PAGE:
"More than 50 percent of Walmart customers have smartphones, and mobile is driving more than 40 percent of Walmart.com seasonal traffic."
I can’t really concentrate on reading unless I have a pen in my hand. I love marginalia. I love used books and getting a glimpse of some stranger’s relationship to a book that is now in my life. I underline, star, box, vent, exclaim. I like rereading my books and seeing coffee stains or chocolaty fingerprints I left behind the last time I read them.
Size and internal vs. external coordination costs matter a lot. North of 100 people in a company, employees don’t all know each other. Politics become important. Incentives change. Signaling that work is being done may become more important than actually doing work. These costs are almost always underestimated. Yet they are so prevalent that professional investors should and do seriously reconsider before investing in companies that have more than one office. Severe coordination problems may stem from something as seemingly trivial or innocuous as a company having a multi-floor office. Hiring consultants and trying to outsource key development projects are, for similar reasons, serious red flags. While there’s surely been some lessening of these coordination costs in the last 40 years—and that explains the shift to somewhat smaller companies—the tendency is still to underestimate them. Since they remain fairly high, they’re worth thinking hard about.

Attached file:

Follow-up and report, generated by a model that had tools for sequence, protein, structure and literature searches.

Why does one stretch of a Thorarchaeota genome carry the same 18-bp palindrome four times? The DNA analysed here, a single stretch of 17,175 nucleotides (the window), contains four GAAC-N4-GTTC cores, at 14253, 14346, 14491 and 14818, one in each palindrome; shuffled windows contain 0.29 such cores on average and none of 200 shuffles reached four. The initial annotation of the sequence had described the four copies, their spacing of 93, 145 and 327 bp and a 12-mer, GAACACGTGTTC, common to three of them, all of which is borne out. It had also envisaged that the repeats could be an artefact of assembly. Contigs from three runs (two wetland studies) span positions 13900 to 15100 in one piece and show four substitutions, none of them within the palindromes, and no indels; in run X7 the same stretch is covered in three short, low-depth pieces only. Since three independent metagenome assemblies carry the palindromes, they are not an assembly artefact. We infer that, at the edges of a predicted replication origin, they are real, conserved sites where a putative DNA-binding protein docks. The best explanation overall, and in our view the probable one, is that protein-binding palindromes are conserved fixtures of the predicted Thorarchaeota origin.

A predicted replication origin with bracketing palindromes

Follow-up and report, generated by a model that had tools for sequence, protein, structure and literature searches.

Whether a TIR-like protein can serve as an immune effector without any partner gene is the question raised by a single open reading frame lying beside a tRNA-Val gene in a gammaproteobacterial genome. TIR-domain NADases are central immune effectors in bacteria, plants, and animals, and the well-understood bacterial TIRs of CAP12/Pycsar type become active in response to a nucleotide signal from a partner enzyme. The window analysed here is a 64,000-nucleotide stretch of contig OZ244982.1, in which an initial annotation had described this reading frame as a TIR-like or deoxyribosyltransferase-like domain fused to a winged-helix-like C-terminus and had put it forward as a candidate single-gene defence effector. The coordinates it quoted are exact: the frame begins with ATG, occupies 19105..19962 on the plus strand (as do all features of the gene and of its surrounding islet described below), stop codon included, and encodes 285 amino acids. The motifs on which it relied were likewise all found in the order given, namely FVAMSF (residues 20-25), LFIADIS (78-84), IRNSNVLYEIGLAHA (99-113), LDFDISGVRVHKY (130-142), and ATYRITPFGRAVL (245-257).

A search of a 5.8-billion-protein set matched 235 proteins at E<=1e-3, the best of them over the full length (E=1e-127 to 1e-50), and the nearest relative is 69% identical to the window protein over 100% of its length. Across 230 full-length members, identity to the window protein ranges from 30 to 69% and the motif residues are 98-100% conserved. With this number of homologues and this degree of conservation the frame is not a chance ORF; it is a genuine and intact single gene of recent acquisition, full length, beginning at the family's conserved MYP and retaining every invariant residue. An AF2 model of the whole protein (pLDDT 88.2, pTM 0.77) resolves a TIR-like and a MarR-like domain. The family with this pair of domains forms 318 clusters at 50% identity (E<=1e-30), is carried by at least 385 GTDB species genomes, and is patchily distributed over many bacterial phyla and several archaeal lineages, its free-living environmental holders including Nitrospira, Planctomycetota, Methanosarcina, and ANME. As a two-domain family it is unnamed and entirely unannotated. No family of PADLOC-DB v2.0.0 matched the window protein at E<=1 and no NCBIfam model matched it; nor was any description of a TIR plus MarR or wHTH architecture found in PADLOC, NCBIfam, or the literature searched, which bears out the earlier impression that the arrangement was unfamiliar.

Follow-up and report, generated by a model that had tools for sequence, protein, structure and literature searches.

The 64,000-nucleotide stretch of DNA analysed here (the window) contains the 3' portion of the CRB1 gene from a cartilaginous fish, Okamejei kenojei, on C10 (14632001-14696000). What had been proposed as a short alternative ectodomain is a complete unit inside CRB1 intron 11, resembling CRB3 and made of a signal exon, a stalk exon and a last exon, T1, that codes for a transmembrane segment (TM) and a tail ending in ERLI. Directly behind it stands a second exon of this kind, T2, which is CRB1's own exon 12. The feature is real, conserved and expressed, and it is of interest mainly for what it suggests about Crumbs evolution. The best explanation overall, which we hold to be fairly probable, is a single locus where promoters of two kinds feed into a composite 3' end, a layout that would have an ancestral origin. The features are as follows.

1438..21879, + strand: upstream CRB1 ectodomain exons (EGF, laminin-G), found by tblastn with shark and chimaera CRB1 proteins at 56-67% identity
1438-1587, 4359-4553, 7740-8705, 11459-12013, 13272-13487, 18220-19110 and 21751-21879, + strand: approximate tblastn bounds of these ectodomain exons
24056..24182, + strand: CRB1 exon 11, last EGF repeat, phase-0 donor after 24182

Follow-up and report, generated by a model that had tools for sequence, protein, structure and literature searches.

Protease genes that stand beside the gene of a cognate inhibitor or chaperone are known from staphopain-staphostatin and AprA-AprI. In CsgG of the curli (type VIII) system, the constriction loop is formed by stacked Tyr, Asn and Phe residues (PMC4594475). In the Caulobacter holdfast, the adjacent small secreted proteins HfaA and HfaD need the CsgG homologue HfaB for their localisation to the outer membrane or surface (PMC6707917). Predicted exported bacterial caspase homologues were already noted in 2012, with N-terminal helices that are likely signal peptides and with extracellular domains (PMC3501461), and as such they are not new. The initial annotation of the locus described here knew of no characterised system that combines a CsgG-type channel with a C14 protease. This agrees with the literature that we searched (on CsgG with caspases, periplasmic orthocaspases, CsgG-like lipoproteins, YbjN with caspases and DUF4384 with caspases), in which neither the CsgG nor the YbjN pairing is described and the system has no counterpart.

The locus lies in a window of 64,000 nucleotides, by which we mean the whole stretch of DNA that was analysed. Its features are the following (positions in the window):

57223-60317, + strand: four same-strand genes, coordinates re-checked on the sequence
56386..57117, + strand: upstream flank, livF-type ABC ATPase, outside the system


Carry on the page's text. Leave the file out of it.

If there was a common thread among everyone The Verge spoke with for this story, it was Samsung’s brutal dominance: the Korean giant’s own-sourced display and processor combined with an enormous marketing war chest make competing in Android extraordinarily difficult.
EMC believes that the third era will be one of mobile devices, cloud computing and big data…. "We don’t want you to build an app in Amazon’s cloud and have to pay Amazon a tax for the rest of its lifecycle."
“We will do cloud-based ERP on a massive scale,” said Vishal Sikka, a member of SAP’s executive board and one of the people who oversaw the project. Of SAP’s regular product, he said, “At some point in the future, complex implementations should go away. All of our products are moving to HANA.”
Was the Renaissance something that you put on and took off like a diadem, or was it something you did even while you slept?
At Stanford, Systrom opted to go abroad to Florence, Italy, for the winter term of his junior year, where he focused on photography. A teacher there persuaded him to switch from his Nikon to a plastic Holga that took square photos, a choice that would be echoed later at Instagram.
Through it all, we don’t have to become hermits. But we must not allow ourselves to continue being junkies.
Most of these dynamics predate the internet, but digital technologies are magnifying their salience. People keep returning to the mantra of “work-life balance” as a model for thinking about their lives, even as it’s hard to distinguish between what constitutes work and what constitutes life, which is presumably non-work. But this binary makes little sense for many people. And it raises a serious question: what does labor mean in a digital ecosystem where sociality is monetized and personal and professional identities are blurred?